As with many other things, Canada and the United States get grouped together as being similar...Almost too similar. Though we share many likenesses, there are plenty of things that differ, one of those being Thanksgiving. Canadian Thanksgiving to be exact.
As a Canadian in the states, these dissimilarities were made apparent to me and many times became the topic of heated conversations. Thankfully the only hot topic here today is turkey. As one who was sent to educate the American people on all things Canada, the spotlight today will be on Canadian Thanksgiving and how its uniqueness became evident via celebration outside Hoser Headquarters (aka Canada).
What's all the hubbub "aboot"?
The Canadian Thanksgiving takes place on the second Monday in October, the same day as Columbus Day in the states (but with twice the mashed potatoes and half killing, so even more to be thankful for). It celebrates the great Martin Frobisher of England, who while on his voyage in search of the northwest passage celebrated the first Canadian Thanksgiving in 1578.
The First OG Canadian Thanksgiving officially took place April 5th, 1872 as a national civic holiday and today is celebrated as an official statutory holiday in all provinces and territories except Prince Edward Island, New Brunswick, Nova Scotia, and Newfoundland, and Labrador. This is proof that inequality is alive and well today.
Now the Main Event: What We Munchin' On?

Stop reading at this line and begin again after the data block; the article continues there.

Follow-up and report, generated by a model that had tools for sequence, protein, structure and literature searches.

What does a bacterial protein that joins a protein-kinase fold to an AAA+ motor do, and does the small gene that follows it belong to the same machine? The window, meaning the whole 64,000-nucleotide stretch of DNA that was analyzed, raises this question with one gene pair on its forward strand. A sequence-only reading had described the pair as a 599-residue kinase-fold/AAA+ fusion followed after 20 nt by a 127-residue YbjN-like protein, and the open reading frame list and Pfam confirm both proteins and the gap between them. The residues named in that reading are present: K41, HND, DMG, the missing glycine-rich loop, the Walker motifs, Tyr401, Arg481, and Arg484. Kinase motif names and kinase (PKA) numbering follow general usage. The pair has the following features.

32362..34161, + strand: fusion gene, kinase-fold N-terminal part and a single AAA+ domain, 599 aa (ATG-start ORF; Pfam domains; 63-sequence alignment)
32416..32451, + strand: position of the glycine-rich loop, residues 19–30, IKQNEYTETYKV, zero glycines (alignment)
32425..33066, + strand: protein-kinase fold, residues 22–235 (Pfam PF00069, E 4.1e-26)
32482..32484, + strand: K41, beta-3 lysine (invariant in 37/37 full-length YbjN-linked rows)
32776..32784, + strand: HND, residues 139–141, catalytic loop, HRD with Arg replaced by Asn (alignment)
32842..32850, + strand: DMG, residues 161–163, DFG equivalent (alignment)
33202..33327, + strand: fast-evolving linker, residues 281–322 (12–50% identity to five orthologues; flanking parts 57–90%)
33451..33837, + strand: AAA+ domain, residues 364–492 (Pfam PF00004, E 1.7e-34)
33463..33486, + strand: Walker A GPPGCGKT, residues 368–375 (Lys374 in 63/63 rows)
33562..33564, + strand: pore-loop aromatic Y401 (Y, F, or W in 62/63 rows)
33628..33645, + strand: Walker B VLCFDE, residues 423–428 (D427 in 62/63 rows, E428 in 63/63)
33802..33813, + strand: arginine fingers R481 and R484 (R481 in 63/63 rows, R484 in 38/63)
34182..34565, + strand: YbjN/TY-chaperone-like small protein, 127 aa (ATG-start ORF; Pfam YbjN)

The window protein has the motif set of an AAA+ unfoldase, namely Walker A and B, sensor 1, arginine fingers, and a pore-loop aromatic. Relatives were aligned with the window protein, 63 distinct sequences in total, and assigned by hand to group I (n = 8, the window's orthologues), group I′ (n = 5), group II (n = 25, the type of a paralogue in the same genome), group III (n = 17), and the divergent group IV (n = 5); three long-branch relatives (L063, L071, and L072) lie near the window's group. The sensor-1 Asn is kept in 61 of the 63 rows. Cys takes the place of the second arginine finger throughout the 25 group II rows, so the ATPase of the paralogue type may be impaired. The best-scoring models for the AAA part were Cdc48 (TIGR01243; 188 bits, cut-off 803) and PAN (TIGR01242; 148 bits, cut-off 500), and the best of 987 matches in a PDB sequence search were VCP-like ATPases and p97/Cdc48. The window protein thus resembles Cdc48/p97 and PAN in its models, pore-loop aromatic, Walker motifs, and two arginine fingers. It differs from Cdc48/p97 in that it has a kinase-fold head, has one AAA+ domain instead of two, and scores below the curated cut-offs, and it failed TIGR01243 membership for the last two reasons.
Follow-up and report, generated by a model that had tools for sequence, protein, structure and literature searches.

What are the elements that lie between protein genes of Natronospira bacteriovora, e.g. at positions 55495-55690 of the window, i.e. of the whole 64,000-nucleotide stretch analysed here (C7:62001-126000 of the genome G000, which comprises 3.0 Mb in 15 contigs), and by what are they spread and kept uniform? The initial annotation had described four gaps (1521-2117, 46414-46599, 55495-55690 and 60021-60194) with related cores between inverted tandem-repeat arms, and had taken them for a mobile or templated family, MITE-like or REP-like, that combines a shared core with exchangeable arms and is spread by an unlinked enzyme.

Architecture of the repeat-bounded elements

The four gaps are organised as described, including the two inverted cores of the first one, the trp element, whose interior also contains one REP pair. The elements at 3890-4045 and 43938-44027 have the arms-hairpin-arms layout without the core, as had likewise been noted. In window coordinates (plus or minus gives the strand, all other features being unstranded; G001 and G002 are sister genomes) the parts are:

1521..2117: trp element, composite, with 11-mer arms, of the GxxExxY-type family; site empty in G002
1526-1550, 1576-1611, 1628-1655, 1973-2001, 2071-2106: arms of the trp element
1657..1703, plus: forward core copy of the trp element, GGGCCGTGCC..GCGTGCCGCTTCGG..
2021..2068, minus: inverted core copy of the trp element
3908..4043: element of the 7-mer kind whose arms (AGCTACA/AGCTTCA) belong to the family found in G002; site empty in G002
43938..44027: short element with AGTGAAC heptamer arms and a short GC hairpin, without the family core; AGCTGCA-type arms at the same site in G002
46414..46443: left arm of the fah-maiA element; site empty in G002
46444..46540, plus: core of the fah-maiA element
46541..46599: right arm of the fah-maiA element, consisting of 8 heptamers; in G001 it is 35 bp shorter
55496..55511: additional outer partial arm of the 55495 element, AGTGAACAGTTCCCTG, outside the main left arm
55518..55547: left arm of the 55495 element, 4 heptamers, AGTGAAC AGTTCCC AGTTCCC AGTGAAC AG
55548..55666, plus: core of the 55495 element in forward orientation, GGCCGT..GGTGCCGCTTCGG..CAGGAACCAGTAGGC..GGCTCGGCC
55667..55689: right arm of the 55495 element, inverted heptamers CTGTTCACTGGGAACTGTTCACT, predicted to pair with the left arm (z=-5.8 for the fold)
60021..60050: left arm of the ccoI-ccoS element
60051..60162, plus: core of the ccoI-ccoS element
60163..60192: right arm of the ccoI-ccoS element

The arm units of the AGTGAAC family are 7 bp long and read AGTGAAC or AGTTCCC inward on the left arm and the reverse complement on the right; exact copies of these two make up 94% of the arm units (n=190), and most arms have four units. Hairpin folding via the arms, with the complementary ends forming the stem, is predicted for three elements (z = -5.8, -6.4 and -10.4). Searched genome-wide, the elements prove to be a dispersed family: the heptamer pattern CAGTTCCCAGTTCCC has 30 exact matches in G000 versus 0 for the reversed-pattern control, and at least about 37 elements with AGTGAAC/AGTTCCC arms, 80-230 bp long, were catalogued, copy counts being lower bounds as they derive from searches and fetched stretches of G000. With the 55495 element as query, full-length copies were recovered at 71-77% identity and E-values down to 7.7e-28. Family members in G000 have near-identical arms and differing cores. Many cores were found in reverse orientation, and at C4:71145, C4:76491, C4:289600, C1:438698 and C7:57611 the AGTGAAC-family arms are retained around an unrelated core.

Much like the traditional idea of a Thanksgiving meal in America, the Canadian feast consists of the following dishes and ingredients:
· Mashed potatoes
· Brown Gravy (which I never knew there was White Gravy until the U.S. rid me of my ignorant ways)
· Cranberry Sauce
· Yams or Tunips (Something only my family ate. So privileged? I'd say so.)
· Steamed Carrots (I prefer mine with honey cuz a bitch ain't eva sweet enough.)
· Stuffing or as I have heard it called in the states "dressing."
How do the Canucks celebrate?
Though I have only simply celebrated Canadian Thanksgiving with a grandiose meal, there is no shortage of celebration in Canada. The Kitchener-Waterloo Oktoberfest, which celebrates all things beer, Germany, and autumn, begins the first Friday in October and endures for a week. It is attended by hundreds of thousands of people each year, and this year was kicked off by Prime Minister Justin Trudeau who tapped the first keg. Each year the festival holds a giant televised Thanksgiving Parade and this year was the 48th annual, which of course had all things Canadian form beer to syrup and poutine.
All in all, no matter how different or similar Canadian Thanksgiving is to American Thanksgiving, you can never go wrong with either when they both entail eating, drinking, and the unbuttoning of pants.